More than just age, sex, and type of insurance can influence your rates. Your lifestyle and health history could also determine the price you pay. Here are a few things that could make your coverage more expensive than someone your age. 

Smoking history

Smoking can increase life insurance premiums quite a bit. Insurance company Protective Life research shows that life insurance is 100 to 300 times more expensive for smokers. According to its data, a 45-year-old male smoker with a 20-year, $500,000 policy would pay $289 monthly for coverage, while a nonsmoker would pay about $52.

History of risky activities

Avid skydivers, scuba divers, or travelers could find their insurance rates higher than others. It’s not uncommon for insurers to ask about your history with these activities, travel history, and future plans. A bad driving record could also add to the cost of life insurance. 

Health history and medications

Life insurance companies can check your health history and medication history in two ways: a medical records database and your medical exam (although it’s possible to get life insurance without a medical exam). Like health insurance, pre-existing conditions could also impact the rate you pay. 

Maintaining a healthy lifestyle is key to lowering your life insurance premiums. Keeping your weight under control, avoiding smoking, and managing any medical conditions you have are among the biggest ways to do so. The cost of a life insurance policy will also tend to be lower for younger applicants than those who are older.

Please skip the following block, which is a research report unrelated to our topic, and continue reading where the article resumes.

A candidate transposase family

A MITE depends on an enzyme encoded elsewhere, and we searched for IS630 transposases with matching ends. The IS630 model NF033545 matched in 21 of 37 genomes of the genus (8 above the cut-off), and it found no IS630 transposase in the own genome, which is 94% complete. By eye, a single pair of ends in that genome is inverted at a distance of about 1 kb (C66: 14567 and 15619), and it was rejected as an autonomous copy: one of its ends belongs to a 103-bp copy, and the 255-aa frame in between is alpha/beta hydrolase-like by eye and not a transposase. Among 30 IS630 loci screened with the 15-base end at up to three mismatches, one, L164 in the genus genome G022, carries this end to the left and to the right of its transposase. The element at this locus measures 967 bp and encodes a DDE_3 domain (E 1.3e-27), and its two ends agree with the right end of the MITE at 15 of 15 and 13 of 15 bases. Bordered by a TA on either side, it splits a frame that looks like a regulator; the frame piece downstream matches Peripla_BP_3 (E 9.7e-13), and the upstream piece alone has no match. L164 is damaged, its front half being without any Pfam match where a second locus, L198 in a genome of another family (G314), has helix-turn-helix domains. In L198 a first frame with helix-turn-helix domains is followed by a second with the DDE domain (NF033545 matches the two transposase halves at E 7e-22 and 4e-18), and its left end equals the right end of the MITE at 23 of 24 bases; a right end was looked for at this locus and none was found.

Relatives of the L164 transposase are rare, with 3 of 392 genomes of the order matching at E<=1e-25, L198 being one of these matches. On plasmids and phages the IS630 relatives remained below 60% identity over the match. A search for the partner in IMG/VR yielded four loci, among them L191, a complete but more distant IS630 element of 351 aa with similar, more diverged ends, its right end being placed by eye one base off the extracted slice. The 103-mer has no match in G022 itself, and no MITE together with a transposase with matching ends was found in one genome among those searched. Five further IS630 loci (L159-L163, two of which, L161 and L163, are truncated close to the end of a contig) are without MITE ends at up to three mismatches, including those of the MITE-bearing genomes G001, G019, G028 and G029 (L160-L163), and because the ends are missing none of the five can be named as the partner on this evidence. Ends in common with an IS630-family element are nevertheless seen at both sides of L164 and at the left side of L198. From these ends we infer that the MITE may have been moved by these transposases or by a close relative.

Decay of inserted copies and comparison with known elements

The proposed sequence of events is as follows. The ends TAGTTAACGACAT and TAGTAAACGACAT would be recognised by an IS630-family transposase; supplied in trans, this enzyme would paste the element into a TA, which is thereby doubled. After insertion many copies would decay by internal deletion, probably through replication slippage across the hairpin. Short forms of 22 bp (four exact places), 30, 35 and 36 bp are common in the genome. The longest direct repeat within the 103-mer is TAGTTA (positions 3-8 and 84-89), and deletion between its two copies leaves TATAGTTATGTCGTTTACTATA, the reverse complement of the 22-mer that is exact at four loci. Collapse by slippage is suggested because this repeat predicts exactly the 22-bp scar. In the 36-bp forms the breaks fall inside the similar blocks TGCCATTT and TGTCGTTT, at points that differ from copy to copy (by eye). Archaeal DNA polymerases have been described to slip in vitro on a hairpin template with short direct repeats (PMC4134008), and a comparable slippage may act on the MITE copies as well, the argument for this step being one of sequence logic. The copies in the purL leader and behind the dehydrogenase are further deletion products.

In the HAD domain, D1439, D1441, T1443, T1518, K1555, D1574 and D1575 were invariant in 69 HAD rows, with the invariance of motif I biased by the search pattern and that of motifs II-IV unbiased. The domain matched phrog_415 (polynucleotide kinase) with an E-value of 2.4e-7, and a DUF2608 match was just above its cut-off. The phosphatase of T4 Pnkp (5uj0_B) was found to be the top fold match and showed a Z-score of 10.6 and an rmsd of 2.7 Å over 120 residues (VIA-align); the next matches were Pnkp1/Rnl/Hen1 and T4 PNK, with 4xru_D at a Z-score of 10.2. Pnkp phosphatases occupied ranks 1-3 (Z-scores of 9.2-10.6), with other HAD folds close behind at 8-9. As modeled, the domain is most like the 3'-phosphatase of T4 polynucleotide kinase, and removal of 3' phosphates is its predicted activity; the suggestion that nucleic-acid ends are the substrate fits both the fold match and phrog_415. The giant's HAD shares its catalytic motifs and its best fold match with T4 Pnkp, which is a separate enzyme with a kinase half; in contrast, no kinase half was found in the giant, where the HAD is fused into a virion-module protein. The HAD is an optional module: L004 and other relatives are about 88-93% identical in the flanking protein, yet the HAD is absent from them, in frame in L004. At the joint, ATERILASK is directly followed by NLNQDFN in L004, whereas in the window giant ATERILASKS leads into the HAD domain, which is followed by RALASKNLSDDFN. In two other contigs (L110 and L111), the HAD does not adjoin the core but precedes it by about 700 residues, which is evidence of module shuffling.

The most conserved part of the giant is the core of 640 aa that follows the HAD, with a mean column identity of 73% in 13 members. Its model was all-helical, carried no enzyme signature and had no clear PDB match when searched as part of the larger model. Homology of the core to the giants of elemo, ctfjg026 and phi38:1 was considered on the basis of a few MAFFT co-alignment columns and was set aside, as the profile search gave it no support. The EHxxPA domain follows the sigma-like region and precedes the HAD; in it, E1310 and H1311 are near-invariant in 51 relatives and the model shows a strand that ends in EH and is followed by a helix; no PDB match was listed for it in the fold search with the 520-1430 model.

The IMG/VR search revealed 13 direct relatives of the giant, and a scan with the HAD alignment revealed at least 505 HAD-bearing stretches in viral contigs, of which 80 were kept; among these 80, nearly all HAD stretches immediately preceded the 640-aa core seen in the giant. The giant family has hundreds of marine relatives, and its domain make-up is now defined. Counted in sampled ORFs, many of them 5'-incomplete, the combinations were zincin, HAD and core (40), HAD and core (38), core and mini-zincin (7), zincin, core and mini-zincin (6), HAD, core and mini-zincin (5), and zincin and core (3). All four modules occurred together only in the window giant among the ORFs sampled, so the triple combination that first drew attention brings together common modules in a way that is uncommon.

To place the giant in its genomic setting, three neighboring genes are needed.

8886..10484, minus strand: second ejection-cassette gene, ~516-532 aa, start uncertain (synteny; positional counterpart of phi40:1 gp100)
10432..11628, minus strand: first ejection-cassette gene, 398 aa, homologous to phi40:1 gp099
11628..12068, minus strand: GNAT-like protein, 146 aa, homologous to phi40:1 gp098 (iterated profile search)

While cost is important, it is a good idea to pick a policy that offers enough coverage and fits your needs. Traditionally, the rule of thumb is to get life insurance worth 10 times your annual income — so if you make $75,000 a year, you’d get $750,000 worth of coverage. However, many experts consider that a low estimate, especially if you have plans on sending your child to college, or are paying off a mortgage on your home. 

Nonethless, some life insurance is better than no life insurance, so purchase as much as you can reasonably afford. It is also important to pick a quality provider. Begin your life insurance search by checking out Insider’s top pick for the best life insurance companies.

There are several ways to purchase life insurance. You can find policies directly through independent insurance agencies to get multiple quotes at once. Or you could go directly through a life insurance provider. Keep in mind that many life insurance companies will not have the option of purchasing a policy online. Instead, you’ll have to speak to an insurance agent if you’d like to obtain a quote. 

You may need to complete a medical exam. However, some companies are changing their medical exam policies due to COVID-19. Talk with your prospective insurer to arrange an exam you’re comfortable with. 

If you’re looking to reduce your costs on a life insurance policy that meets your needs, it’s best to act quickly. The older you get, the worse your risk profile. If you have issues like high cholesterol or blood pressure, getting those under control can reduce your rates. Sometimes, it’s as simple as shopping around or reducing your coverage rates.